Helene Ritchie was Wellington’s longest-serving city councillor – first elected in 1977, she resigned in 1989, then in 1998 she was re-elected, till her resignation in 2016.


  1. Tony Jansen, 12. September 2018, 11:20

    Thanks Helene. I was working for parks and recreation at the time whilst completing my Masters at Vic and organised the ground breaking ceremony.
    I think it has been pretty obvious that the current Council has no intention of retaining the Civic Square concept and is falling over itself in its haste to flog the assets off to the University. Ironically, the University will not now buy the Municipal Office Building but wants to lease it instead, meaning that the earthquake strengthening will no doubt be at ratepayers’ cost. It is a tremendous shame that something so iconic and in my opinion beautiful and functional is hastily being abandoned as our city’s council and officials empire build.

  2. Michael Gibson, 12. September 2018, 16:37

    Helene, you are badly missed. Why not offer yourself as a credible alternative to Justin?

  3. Wendy Armitage, 16. September 2018, 13:33

    The Civic Centre is iconic and deserves to be retained. And, after years of major protests and promises to keep Jack Ilott Green (the largest green space in the CBD), is this now under threat as well? Wellington is increasingly becoming like a concrete jungle with more buildings jammed on the waterfront and elsewhere. Apart from the green belt in the hills around the city, which is wonderful to look at, Wellington City CBD has very little usable green space. And, as the multitude of future high-rise apartment buildings the council has warned us about are built and occupied, there will be an enormous shortage of parks to ensure the health and well-being of the thousands of residents and workers across the city.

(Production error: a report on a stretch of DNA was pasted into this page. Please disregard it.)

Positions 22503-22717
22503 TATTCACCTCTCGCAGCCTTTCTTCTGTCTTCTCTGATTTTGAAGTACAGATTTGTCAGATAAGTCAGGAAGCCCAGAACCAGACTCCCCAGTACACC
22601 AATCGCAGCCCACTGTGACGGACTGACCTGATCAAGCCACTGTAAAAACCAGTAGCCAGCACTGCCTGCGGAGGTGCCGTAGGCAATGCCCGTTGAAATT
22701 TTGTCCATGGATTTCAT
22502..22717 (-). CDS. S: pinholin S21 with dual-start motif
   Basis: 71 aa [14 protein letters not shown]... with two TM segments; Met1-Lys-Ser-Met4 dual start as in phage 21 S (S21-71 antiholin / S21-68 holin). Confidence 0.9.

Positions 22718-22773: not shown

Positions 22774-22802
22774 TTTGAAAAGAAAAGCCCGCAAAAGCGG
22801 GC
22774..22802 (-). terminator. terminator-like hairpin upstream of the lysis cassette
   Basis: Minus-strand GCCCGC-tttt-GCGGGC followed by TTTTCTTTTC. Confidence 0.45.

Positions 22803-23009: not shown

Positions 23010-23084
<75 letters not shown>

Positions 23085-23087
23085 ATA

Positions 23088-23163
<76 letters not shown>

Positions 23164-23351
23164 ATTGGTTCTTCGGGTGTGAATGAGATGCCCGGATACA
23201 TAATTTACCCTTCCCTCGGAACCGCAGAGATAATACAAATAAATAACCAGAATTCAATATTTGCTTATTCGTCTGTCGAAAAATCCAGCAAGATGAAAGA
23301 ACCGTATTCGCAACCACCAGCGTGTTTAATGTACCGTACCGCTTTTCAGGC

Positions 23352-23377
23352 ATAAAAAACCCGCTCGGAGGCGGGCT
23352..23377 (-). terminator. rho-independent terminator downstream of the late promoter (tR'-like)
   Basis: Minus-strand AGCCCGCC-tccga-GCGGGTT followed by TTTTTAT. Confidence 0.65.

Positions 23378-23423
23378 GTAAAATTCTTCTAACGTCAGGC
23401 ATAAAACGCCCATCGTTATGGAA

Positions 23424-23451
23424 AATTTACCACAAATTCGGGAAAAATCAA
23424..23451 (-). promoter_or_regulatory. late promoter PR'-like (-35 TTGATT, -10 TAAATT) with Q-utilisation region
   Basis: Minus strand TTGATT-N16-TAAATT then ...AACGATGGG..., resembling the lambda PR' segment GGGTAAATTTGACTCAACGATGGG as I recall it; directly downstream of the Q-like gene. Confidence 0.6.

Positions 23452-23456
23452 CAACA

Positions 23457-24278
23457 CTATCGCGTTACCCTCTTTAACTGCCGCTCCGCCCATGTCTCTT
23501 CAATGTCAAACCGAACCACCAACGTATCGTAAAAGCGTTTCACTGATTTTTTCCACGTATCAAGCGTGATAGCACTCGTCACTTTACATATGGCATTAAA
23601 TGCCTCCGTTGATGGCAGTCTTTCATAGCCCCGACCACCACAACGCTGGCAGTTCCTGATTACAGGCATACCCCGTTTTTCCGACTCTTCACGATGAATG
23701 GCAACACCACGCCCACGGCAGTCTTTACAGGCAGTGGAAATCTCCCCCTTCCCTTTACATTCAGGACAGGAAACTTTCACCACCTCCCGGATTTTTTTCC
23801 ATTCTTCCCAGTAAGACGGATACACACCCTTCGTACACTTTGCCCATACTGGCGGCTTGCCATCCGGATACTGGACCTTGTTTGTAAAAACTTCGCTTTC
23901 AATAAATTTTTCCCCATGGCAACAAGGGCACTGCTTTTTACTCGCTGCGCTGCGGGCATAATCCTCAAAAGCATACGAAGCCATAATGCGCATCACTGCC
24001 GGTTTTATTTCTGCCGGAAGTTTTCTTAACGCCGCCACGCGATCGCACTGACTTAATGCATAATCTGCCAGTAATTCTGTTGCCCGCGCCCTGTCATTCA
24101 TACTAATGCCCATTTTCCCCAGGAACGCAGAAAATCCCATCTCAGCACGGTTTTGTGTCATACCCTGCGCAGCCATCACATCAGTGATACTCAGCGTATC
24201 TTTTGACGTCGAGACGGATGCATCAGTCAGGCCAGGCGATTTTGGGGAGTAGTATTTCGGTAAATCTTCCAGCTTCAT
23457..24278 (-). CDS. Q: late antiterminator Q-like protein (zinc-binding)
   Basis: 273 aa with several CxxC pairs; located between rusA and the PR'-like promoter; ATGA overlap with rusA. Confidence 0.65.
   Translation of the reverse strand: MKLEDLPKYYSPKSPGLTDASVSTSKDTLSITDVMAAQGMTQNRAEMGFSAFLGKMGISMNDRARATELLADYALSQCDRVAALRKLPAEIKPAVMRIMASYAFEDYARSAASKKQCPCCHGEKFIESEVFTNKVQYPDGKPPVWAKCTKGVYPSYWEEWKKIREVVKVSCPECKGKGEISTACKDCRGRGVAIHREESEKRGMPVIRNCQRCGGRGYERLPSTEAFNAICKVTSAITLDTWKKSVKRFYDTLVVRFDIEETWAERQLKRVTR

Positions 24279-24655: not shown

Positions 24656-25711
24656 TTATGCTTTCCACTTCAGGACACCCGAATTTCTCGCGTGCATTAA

Wellington should look to the many of the major cities around the world that have beautiful recreational parks and green spaces and start working towards a greener, healthier and sustainable city before it is too late.